What’s an anecdotal interview question and why would an interviewer ask one? Essentially, it’s a specific type of question you may have to answer during a job interview. What's the best way to respond when you answer one of these questions?
Anecdotal interview questions are questions asked during a job interview that are specifically designed to gather supporting information about your qualifications for a job. The interviewer is seeking details on how your experience qualifies you for the role for which you’re interviewing.
Like other related behavioral interview questions, these types of questions are designed to get job applicants to share examples from their previous experiences. When you respond, the best way to answer is with a short story about how you handled a situation or dealt with an issue at work.
Why Employers Ask for Anecdotal Information
Employers will often ask you to provide examples or furnish anecdotal information to prove that you possess the key qualifications necessary for success on the job. For example, interviewers will ask questions like these:
- Tell me about a time when you terminated an under-performing employee.
- How were you able to close a deal with a major client?
- Share an example of how you have overcome a major disappointment on the job.
- Describe a situation when you utilized your leadership abilities to move a project forward.
- Describe how you have planned a major event.
Tell a Story When You Respond
You should view virtually every interview question as an opportunity to provide concrete evidence that you have experience applying critical skills to real world situations. Answering with a story is an excellent way to respond to interview questions like these. Here’s what you need to know about answering a question with a story:
Telling compelling stories is typically the best approach to convince employers that you possess the right strengths to get the job done. Sharing a concrete example of what you accomplished shows the employer what you could do for the organization if you were to be hired.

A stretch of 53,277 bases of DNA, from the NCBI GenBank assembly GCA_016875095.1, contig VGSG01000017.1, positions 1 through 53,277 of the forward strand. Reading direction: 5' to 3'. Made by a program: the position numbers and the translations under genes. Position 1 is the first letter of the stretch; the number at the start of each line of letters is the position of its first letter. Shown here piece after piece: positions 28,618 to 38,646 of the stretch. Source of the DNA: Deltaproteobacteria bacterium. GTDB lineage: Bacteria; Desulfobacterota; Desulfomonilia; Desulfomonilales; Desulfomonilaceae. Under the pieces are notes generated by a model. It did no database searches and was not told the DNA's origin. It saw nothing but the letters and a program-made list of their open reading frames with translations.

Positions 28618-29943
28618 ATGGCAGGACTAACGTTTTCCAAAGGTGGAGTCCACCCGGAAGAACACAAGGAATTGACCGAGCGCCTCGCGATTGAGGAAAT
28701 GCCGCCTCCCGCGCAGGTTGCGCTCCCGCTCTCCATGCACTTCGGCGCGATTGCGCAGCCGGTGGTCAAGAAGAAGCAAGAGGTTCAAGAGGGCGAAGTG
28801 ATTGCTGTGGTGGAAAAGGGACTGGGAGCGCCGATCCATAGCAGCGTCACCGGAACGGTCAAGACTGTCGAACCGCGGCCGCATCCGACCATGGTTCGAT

Careful preparation prior to your interviews is essential for furnishing effective responses to anecdotal questions. Otherwise, your answers will often lack the detail required to support your assertions. If you’re not well prepared, you may rush your answers or leave out crucial details due to nerves. But that’s okay—you can formulate the best answers ahead of time and practice telling stories about your work experience. That way you’ll be more relaxed and confident during the actual job interview.
Start by analyzing the requirements for the job, and make a list of your assets that correspond to those requirements. Then reflect on your work, internship, academic, and volunteer experiences and identify scenarios when you have tapped each strength or skill the employer is seeking. This is crucial information you’ll need to formulate your answers.
Construct stories featuring each key asset. Describe situations and actions that you took, as well as positive outcomes which you helped generate. Then practice telling each story out loud. Find a friend or colleague and have him or her listen to your stories.
Keep your stories short. Remember you’re telling a short story—not writing a novel. Keep your response brief, including a description of the situation, how you handled it, and how it was resolved. Practice sharing these anecdotes until you can deliver them naturally.
Review an Example of Telling a Story
For example, you might be asked, "Describe a time when you went beyond what was required to get the job done?" Here’s one way to answer this question:
I have always been willing to do whatever is necessary to get the job done, but one time does stand out in my mind. Our team was preparing a major proposal for a prospective client. Our technology team leader was ill and out of work. I jumped in to learn how to construct some complex macros in Excel to showcase some key data and took the lead with creating presentation slides for our pitch.
I needed to work several evenings until midnight to get the work done in time while I was performing my regular duties during the daytime. The client ended up accepting our proposal and cited the quality of our presentation exhibits as a key reason they went with us.
An answer, such as the example above, is succinct, interesting, and describes how you handled a particular situation. Use this example as a basic framework but, of course, tailor it to your specific experience.